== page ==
Xenophobic Attacks: Nigerians In South Africa To Get ‘Early Warning’

Xenophobic Attack
Foreign nationals gesture after clashes broke out between a group of locals and police in Durban on April 14 ,2015 in ongoing violence against foreign nationals in Durban, South Africa. The attacks on immigrant-owned shops and homes in Durban's impoverished townships come three months after a similar spate of attacks on foreign-owned shops in Soweto, near Johannesburg. The Malawian government said on April 13, 2015 it would help repatriate its citizens from South Africa following an outbreak of xenophobic violence in the eastern port city of Durban that has left four people dead. AFP PHOTO/PHOTO STRINGER

The Early Warning Unit, which will comprise of Nigerian and South African representatives, will meet quarterly to share information regarding the interests of both communities.

In response to the recent wave of xenophobic attacks on Nigerians in South Africa, an Early Warning Unit is set to be constituted.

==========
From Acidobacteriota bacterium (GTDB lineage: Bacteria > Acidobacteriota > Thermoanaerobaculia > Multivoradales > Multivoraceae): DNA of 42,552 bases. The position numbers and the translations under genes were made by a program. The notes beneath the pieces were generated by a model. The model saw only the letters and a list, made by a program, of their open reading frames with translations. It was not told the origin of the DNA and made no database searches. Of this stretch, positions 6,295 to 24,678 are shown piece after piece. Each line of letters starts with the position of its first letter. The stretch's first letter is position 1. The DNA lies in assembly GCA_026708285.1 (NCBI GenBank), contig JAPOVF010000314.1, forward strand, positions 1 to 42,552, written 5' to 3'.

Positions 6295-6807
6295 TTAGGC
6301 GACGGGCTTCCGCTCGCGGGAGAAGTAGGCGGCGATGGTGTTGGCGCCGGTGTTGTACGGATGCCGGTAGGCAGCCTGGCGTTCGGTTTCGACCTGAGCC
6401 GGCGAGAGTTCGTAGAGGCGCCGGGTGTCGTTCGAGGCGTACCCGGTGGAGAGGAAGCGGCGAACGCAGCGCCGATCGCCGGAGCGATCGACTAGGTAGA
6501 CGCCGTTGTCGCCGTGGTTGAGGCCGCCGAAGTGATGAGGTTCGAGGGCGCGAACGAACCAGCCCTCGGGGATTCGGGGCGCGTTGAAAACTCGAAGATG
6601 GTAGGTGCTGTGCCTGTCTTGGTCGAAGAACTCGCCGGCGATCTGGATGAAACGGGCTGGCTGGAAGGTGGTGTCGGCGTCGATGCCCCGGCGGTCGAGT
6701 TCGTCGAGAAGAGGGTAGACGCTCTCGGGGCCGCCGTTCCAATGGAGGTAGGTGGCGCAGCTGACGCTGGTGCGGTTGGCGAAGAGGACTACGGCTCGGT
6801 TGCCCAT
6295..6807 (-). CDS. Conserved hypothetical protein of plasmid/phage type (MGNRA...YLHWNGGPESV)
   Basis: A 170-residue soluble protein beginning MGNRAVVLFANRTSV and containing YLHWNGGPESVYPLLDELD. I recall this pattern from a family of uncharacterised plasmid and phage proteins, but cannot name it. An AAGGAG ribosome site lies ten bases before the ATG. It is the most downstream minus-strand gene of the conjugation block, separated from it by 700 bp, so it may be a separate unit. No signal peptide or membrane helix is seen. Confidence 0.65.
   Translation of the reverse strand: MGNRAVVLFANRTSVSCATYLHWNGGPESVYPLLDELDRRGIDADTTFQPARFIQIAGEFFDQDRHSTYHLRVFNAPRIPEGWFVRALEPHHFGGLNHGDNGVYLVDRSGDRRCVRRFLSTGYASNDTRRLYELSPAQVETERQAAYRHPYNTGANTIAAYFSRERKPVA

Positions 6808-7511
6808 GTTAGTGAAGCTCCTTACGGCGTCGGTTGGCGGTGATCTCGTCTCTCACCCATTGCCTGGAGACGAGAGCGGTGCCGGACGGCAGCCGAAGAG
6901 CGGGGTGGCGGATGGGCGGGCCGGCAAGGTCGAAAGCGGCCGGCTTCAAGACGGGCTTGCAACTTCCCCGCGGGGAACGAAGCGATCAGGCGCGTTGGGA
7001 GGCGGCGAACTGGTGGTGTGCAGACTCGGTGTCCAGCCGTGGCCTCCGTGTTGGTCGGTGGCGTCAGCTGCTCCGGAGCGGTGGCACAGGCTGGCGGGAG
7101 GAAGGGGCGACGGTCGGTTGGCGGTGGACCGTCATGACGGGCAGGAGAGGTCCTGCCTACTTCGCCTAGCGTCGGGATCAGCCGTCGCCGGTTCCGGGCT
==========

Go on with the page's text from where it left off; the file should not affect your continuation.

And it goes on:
Geoffrey Onyeama, minister of foreign affairs, announced the development on Friday during a joint briefing with the minister of interior, Abdulrahman Danbazau in Abuja.

“We proposed to the South African government that from our discussions with the Nigerian community in South Africa, we feel they have no access to the government agencies that are responsible for their security, the government agencies that have it within their power to prevent such actions and the government agencies that have it as their mandate to address there complaints,” he said.

“So we suggested to them that there should be a mechanism in place to bring together all those agencies with the Nigerian side and then they should meet regularly to share intelligence information so as to take necessary pre-emptive measures if required and also address the grievances of South Africans, issues of compensation, and so on.

“As evident, with their cooperation, they accepted immediately that we should setup what we spontaneously called an early warning unit.

“We said that this unit should comprise, from the South African side, the Ministry of Foreign Affairs, Ministry for Home Affairs and the police.”

The Nigerian high commission in South Africa, Nigerian consulate in South Africa and leadership of the Nigerian Union in South Africa will have representatives in the Early Warning Unit.

Onyeama noted that the unit will also give the South African government the opportunity to identify corrupt Nigerians in the country.


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